I have some data on successive bets made by customers. I want to see whether there is a statistically significant change in bet stake with each subsequent bet.
The data is skewed, so I have equalized all initial bets to 1. Thereafter, I calculate the proportional change in bet stake. So if someone had a first bet of 15 and a third bet of 30, the value for the stake in the third bet shows 2.00.
For a series of groups, I'm showing the mean standardized stake at the second, third and fourth round of betting. Although the data is quite skewed, I've used a t-test to test whether there is a statistically significant difference between this mean and 1 (i.e. no change in bet size since the initial bet).
Given the data is skewed, I also want to perform a non-parametric test, but I'm having an issue with the median and a one-sample median test. Although for many groups the median is 1, the median test shows a statistically significant difference from 1. For example, one groups has approximately 4000 observations, of which 1800 are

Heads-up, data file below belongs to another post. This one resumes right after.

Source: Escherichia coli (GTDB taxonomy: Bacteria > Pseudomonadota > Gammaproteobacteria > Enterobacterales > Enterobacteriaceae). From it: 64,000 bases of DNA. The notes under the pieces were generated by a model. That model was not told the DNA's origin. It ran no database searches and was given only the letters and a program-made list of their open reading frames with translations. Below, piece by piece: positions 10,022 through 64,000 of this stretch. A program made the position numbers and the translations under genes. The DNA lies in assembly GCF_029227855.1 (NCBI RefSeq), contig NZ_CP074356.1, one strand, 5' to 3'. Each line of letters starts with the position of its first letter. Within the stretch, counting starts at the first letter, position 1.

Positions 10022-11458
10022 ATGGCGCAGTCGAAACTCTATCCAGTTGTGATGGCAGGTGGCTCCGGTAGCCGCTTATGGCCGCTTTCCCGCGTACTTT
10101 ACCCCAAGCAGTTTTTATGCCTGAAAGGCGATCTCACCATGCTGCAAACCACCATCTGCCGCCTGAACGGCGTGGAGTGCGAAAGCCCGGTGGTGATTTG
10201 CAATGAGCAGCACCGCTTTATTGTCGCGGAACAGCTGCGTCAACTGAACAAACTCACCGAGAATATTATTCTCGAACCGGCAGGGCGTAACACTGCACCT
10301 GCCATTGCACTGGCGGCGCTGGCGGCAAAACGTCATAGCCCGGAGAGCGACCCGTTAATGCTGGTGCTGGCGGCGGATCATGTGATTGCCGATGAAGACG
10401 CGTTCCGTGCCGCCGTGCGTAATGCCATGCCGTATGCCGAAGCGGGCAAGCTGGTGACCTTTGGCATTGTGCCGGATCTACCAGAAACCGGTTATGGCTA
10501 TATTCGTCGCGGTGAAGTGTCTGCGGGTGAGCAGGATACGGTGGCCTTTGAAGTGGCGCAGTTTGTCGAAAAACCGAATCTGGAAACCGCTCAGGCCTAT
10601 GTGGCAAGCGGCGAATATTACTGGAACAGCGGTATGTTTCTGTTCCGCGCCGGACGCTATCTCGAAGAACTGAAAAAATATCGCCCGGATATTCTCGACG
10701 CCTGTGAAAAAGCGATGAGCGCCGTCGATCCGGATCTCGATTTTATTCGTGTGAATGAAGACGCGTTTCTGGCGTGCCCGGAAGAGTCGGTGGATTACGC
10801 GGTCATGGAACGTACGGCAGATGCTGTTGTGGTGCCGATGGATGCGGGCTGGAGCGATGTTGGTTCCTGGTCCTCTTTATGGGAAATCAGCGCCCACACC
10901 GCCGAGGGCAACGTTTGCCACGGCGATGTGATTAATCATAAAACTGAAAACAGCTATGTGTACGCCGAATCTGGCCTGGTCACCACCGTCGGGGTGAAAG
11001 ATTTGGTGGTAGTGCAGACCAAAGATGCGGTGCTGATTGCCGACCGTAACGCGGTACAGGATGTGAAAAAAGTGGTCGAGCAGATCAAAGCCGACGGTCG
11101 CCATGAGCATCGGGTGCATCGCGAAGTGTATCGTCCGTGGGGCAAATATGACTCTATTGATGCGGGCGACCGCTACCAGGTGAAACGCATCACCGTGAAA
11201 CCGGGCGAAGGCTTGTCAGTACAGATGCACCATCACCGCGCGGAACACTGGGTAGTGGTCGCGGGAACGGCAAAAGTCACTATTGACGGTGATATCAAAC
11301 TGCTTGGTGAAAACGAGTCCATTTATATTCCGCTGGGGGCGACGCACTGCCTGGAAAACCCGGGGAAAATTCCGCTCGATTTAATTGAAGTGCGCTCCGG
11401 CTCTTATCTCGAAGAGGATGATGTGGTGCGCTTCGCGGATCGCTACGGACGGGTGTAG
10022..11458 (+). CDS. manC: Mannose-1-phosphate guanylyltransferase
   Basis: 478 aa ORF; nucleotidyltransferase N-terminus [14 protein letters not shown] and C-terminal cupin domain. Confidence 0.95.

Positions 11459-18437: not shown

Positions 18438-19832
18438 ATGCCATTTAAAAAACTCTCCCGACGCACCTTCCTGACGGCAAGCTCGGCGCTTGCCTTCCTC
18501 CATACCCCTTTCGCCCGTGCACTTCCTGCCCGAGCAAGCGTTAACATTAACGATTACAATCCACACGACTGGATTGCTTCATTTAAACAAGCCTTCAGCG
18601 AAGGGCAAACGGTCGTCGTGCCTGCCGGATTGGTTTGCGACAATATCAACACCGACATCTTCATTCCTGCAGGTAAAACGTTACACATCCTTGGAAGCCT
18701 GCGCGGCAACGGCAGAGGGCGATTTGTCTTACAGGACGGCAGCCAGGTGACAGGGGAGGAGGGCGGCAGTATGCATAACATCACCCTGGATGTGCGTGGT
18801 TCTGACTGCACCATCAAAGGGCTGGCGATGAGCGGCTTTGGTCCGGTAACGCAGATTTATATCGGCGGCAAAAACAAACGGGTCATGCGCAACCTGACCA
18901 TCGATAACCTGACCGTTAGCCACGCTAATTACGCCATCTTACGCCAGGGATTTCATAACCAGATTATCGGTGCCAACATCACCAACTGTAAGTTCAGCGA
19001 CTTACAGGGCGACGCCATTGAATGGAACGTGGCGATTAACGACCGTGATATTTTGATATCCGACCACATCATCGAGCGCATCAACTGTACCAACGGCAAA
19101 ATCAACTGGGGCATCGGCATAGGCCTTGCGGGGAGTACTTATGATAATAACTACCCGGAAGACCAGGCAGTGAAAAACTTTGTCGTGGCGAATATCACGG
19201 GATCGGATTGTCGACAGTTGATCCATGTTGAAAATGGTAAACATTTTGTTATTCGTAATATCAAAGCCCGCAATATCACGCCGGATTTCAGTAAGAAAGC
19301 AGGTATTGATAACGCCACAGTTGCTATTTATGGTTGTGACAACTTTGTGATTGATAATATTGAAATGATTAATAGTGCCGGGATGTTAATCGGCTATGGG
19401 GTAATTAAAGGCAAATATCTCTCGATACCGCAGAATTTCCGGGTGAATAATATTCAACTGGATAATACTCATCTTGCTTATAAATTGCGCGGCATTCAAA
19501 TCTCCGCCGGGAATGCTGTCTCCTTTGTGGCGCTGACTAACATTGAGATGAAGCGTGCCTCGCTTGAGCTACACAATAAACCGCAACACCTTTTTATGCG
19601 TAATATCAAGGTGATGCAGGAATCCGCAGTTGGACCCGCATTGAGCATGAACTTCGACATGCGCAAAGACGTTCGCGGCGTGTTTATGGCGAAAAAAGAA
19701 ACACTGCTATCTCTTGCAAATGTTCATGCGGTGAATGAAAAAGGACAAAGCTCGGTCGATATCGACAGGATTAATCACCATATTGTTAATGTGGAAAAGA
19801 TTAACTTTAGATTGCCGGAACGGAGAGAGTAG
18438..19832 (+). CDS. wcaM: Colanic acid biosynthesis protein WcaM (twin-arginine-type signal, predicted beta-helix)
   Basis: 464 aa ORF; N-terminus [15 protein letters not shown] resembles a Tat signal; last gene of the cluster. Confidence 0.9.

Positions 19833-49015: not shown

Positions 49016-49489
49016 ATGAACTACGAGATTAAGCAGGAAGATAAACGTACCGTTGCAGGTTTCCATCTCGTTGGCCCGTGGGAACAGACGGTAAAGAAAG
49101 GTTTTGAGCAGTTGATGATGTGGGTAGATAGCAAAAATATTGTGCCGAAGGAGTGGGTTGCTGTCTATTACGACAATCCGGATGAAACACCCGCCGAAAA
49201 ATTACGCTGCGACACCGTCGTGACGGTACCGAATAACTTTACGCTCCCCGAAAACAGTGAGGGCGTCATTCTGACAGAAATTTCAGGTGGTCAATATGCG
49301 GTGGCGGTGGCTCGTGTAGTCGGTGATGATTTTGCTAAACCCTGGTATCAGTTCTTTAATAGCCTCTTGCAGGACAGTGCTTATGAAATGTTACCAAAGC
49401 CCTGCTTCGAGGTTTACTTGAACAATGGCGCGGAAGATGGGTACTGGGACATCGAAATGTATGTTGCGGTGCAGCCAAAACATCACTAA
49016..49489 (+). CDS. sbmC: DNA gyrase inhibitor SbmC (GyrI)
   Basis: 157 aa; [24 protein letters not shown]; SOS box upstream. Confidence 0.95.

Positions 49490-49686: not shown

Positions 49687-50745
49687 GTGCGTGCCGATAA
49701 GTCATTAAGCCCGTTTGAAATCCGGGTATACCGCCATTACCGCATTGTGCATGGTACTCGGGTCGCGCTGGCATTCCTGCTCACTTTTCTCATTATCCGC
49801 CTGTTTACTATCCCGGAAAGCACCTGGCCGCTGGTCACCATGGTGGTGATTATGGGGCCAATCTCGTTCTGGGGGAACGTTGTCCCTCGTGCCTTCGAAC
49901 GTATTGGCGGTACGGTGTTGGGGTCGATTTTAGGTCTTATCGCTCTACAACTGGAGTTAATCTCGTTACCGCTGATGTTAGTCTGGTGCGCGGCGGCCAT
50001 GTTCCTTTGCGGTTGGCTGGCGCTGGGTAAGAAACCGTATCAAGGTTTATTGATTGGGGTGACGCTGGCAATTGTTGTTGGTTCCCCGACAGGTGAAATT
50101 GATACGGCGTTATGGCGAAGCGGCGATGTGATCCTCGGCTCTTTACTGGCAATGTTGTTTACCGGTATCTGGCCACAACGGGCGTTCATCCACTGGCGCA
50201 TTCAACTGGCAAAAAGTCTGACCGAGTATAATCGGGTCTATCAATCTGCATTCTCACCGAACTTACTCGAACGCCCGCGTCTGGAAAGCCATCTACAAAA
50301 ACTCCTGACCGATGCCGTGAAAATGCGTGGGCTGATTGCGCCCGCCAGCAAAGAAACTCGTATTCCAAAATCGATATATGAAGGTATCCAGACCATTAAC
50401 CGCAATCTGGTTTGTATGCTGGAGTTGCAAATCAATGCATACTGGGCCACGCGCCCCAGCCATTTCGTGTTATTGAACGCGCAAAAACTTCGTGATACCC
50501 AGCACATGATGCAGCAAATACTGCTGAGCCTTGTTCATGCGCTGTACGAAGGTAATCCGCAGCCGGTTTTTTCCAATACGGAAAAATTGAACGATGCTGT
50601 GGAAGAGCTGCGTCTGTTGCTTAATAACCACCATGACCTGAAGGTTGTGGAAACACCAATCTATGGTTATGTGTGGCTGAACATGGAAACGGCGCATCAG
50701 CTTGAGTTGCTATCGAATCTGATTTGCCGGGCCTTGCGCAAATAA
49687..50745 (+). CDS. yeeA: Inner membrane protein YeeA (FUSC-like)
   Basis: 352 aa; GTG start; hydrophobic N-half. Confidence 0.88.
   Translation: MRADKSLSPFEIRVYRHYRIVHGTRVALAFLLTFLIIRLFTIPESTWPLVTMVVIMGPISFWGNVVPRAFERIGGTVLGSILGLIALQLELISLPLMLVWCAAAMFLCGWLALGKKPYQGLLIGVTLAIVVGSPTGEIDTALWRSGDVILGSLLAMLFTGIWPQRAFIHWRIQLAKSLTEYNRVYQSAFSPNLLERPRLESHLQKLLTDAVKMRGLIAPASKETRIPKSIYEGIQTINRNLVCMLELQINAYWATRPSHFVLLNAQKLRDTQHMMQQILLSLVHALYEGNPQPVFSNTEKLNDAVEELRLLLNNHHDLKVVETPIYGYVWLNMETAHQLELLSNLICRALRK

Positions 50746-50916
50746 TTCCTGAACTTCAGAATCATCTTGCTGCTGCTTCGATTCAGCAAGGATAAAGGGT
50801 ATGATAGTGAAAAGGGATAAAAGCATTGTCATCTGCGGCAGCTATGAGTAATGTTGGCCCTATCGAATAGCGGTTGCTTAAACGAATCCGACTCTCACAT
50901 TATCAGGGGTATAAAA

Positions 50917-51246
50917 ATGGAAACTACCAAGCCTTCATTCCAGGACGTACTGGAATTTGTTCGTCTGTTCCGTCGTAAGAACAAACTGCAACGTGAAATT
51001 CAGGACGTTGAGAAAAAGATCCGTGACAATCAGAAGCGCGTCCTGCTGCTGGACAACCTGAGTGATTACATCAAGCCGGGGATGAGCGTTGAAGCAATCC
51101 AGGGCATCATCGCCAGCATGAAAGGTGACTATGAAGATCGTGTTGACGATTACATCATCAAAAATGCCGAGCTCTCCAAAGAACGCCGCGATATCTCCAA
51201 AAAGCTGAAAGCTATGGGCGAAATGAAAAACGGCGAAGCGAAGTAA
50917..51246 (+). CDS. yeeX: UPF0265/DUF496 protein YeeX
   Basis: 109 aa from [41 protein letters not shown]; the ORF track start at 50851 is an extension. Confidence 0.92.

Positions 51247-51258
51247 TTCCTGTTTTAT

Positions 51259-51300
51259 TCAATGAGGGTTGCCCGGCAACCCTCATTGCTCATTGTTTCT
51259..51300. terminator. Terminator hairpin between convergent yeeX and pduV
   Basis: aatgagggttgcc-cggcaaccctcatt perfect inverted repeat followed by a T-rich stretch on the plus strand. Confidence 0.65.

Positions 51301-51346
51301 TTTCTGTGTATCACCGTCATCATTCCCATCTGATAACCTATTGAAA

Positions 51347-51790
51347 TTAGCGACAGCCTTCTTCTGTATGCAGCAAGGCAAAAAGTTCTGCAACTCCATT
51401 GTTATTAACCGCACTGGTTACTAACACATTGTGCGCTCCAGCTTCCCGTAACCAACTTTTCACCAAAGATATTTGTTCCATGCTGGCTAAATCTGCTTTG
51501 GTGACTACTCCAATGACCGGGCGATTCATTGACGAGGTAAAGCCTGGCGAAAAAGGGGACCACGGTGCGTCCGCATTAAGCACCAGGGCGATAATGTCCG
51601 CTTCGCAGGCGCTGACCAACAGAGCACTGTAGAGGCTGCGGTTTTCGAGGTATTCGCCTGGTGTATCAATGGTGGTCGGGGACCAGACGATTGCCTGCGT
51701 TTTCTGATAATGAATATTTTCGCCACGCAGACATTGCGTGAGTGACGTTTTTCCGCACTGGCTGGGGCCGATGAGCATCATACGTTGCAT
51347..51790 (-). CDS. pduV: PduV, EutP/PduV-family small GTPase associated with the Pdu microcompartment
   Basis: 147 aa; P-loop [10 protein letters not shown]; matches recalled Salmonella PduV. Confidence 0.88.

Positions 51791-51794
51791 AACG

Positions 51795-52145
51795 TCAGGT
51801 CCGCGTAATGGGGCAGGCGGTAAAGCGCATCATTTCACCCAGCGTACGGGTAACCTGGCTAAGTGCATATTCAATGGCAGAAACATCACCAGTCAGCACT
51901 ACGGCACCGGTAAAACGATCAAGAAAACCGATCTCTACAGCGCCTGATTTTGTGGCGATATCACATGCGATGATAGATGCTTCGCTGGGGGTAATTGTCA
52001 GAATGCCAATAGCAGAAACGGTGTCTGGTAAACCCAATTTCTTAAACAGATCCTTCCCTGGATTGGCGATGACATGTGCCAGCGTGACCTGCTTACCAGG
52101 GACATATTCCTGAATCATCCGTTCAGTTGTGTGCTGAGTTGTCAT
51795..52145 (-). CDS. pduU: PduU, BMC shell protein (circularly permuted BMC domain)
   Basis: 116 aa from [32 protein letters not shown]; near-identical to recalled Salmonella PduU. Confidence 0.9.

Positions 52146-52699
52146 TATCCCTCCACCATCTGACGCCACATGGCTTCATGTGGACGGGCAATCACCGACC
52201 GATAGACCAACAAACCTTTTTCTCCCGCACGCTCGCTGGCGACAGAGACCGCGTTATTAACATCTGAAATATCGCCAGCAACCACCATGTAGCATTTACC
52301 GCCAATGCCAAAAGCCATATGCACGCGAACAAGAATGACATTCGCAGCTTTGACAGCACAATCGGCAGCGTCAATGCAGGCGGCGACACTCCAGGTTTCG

ties/zero or equal to exactly 1.
When performing a
signrank test, 1800 observations are showing us as zero, while of the remaining 2200 observations, there are 200 more positive counts than negative, so the result of the one-sample median test is highly significant. It doesn't seem right.
Should I be using the signrank test for this at all? Would another test be more appropriate?